Here are my slides and an accompanying YouTube video of me chatting away about Bertolt Brecht. Some of it might be of interest to those currently teaching and/or studying Brecht’s theatrical theory and practice. I hope some of you find it to be of use! Plus if you spot any “deliberate” mistakes please alert me … More Teaching Brecht
A curriculum can sometimes seem like one damn thing after another, especially if taught in blocks or thought of as a journey connecting different topics as you go from A to Y with Z being an exam. In an A level course with a syllabus demanding certain topics be studied, end of term exams, a … More Organising Knowledge: On Triangles and Ts and Russian Dolls.
It’s what you do, not how you label it that matters. What is the difference between ‘disciplinary’ and ‘substantive’ knowledge and what other ways might there be of organising knowledge? In this excellent article Christine Counsell explains that: “Substantive knowledge is the content that teachers teach as established fact – whether common convention, concept or … More Ofsted and Knowledge.
“[educationl is in fact one of the most effective means of perpetuating the existing social pattern, as it both provides an apparent justification for social inequalities and gives recognition to the cultural heritage, that is, to a social gift treated as a natural one.” (Bourdieu, 1974, p. 32) Education maintains inequality. Bourdieu argues that in … More Whose Cultural Capital?
Here is a video of a talk I gave in Birmingham, England, to the JUSCO (Junior School Collaboration) group on April 4th 2019. A big thank you due to the wonderful Chris McDonald for getting this sorted.
There has been a stormzy brewing for some time about curriculum content. The National curriculum says we ought to teach ‘the best’, I don’t agree, we each have our subjective tastes and sensibilities, I think it is better to teach children to enter into the conversation about what the best might be. That is not … More Stormzy or Mozart, Who Knows?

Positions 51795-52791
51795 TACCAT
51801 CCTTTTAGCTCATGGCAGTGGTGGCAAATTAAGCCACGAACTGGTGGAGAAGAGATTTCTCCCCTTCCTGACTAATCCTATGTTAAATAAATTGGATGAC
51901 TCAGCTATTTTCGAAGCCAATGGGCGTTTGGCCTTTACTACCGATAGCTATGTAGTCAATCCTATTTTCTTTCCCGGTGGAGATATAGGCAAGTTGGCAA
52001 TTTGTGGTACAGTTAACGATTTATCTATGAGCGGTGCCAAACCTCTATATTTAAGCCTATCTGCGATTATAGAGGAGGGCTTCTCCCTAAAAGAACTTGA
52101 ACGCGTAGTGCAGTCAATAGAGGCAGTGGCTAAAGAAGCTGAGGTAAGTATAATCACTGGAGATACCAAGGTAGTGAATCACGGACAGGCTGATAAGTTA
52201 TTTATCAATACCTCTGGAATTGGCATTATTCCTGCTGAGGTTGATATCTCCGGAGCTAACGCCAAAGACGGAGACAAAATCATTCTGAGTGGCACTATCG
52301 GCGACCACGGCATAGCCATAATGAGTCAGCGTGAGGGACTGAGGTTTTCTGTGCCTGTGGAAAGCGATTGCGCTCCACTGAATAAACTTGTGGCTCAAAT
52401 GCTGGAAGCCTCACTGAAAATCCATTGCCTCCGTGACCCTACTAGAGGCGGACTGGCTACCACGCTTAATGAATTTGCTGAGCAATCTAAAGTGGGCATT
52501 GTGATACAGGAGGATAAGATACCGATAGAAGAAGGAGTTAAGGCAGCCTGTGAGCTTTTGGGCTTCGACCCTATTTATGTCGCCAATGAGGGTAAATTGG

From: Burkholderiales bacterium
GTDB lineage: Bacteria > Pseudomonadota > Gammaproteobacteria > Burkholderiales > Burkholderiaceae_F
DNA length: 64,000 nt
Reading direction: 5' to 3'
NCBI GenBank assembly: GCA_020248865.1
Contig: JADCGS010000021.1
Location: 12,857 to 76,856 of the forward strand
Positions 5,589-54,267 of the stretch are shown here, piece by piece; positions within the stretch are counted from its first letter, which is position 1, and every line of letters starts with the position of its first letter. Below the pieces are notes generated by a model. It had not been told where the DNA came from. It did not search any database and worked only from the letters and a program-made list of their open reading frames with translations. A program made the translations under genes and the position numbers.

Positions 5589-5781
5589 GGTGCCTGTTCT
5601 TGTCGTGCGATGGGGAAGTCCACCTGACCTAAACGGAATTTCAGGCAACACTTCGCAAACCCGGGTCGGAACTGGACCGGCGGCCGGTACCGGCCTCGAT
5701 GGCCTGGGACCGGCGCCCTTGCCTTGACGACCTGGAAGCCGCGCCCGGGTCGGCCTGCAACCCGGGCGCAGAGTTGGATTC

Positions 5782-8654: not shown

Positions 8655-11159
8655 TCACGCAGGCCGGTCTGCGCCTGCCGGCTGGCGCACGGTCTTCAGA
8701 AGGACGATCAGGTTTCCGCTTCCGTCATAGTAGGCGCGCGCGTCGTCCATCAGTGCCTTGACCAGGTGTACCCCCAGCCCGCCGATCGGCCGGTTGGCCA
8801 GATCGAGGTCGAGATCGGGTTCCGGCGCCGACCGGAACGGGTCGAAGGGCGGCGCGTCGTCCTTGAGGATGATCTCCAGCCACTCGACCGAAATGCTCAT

Here is a video of a talk I gave in the Netherlands, and the accompanying slides should you wish to follow the fun. You can download a pdf of the slides below… (might take a bit of time to download… Hopefully not too long)
Describing our viewpoints on the world, Mary Midgley used the analogy of an aquarium with a number of murky windows through which people could peer. If we think of the aquarium as a whole as ‘reality and truth’ and each window being a perspective through which we can gaze upon that reality, we can begin … More Cultural Mobility
Initially appealing, at least to me, the idea of cultural capital has begun to worry me. Though not coined by someone who admitted to being a Marxist, Pierre Bourdieu did draw quite heavily on Marxist thinking when it came to expounding his thesis. It is about power. Simply put, if you speak posh, go on … More Some Problems with Cultural Capital and Social Mobility
Curriculum Shorts (Some short musings about curriculum) We all know what we mean by a knowledge-rich curriculum but, as with all pithy phrases, we don’t. And if that isn’t a great contradiction, I don’t know what is. Knowledge-rich can mean, within certain, wide-ranging, parameters, anything you want it to mean. Lots of people can use … More Why Not A Knowledge-Rich Curriculum?